On the contrary, however, the Proyas film might actually be viewed as a refutation of religion. Why? Because all that occurs in Knowing could be owed to quantum mechanics as much as to "The Hand of God," given one possible interpretation.

And that's one of the film's irrefutable strengths: it is open to interpretation. It invites it. If I went in to Knowing seeking to reinforce a hard, fast belief in God, I might find it here, at least based on a superficial reading of the text.

First, in the Prophecy of the Book of Ezekiel coming to pass, and secondly in the pre-determined nature of the universe, the film might appear to affirm the existence of God as we would understand him from the Bible.

And when Koestler tells Caleb at the film's conclusion that "they will be together forever," he could be describing a newfound belief in the Afterlife, in Heaven. If Existence is deterministic -- moving along according A to B to C to a Grand Plan -- then there is, at least, by inference, the possibility of God. Right?

Well, yes. But there's another valid interpretation of Knowing. One which, given my atheist predilections, I prefer. I can sum the case up, basically, by reciting one of Arthur C. Clarke's Laws of Prediction. The one that states: "Any sufficiently advanced technology is indistinguishable from magic. "

Basically, what Knowing suggests is that the white-haired Strangers are extra-terrestrials who, 'knowing' the end is near for Earth, send messages to our population over time to warn us. The Book of Ezekiel was a recording of one such historical encounter with the whispering aliens. Lucinda's stream of numbers, her "vision," is another much more recent example.

The historical Ezekiel was (like Koestler, incidentally....) a widower, and he remains renowned today amongst Biblical scholars as one of the most specific of all early prophets; for his unique "systematic arrangement." This means essentially that Ezekiel attached dates to his predictions (as dates are attached to Lucinda's number chart in the film).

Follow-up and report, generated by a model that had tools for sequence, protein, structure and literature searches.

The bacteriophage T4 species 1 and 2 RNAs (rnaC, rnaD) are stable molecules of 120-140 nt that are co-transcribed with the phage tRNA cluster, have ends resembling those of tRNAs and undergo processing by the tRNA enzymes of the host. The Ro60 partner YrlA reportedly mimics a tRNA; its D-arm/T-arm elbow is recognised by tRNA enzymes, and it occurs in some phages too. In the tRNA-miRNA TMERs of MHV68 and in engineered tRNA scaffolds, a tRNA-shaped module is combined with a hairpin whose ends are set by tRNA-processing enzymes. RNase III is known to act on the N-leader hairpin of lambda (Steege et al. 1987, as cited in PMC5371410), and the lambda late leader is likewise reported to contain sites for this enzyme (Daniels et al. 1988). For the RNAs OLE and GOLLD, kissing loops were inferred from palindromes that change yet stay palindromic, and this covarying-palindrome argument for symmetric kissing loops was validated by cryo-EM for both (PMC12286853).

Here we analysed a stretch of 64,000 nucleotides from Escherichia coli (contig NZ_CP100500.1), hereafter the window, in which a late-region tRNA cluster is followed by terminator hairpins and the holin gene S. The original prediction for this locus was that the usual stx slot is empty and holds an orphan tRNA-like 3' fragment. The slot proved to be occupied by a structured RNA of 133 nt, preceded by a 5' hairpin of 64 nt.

Ezekiel's first transcribed "vision" was of God's Chariot, a magnificent vehicle described as a "wheel-within-a-wheel" (Ezekiel 1:1-3:27). This divine Chariot was pulled by four beings identified by the prophet as Cherubim. And Ezekiel himself was recruited as a Sentinel or Watchman. His mission was to record an upcoming apocalypse: the destruction of Jersualem in consuming fire.

Knowing
indeed adopts the symbols of Ezekiel's vision, but re-purposes and re-contextualizes all of them as completely scientific...and secular in nature. The Chariot is a huge, multi-faceted wheel-within-a-wheel spaceship, not a divine vehicle. The four Cherubim are the Four Alien Strangers, not Angels from Heaven. Ezekiel, Lucinda and to some extent, Koestler himself are the Sentinels or Watchmen standing witness to disaster. And the Earth -- rather than merely a single city -- ends in consuming fire (but one caused by a solar flare, not God's wrath). In particular, the aliens send visions to Caleb and the other "gifted" children (including Diane's daughter, Abby) that show fire in their imme
diate environs or "world" (Caleb's back yard...) just as Ezekiel witnessed a consuming fire in his neck of the woods, Jerusalem.

Importantly, there is no "God," let alone "Christ" in these symbols, just a very advanced alien race, who -- via the auspices of technology we do not yet understand -- are apparently able to see across the ocean of time: past, present and future simultaneously. They record the grand sweep of history, down to every last disaster and casualty.

This is why I mentioned quantum mechanics earlier in the review. Some physicists today believe that there is actually no past, present or future at all. Merely...the "Eternal Moment of Now." It is our brains, therefore, which build a connection - moment to moment - and thereby impose a chronological or temporal sequence to them.

Given this theory, assume for a minute that the alien species as seen in Knowing is endowed with the gift to "see" all possible iterations of Now. And it is by this very mechanism or capability that they can then account for how, where and when people die, disasters occurs, and planets are obliterated. This interpretation makes as much sense as "God" does, in context of the film.

More so, actually, because the Apocalypse that destroys Earth in Knowing is clearly no Biblical Rapture. Koestler's father is a devout Christian priest, and he isn't "saved." Christians, Jews, Muslims, Buddhists, Agnostics and Atheists all get fried indiscriminantly in the coronal ejection and planetary conflagration. The only people "saved" are not The Faithful Christians, but rather a handful of innocent, gifted children, ostensibly of all religious and non-religious persuasions. And they are swept away not to a spiritual realm...but to a faraway planet to colonize. We see distant moons and planets in the sky of this world...not streets of Gold, flying Angels and the Gates of St. Peter.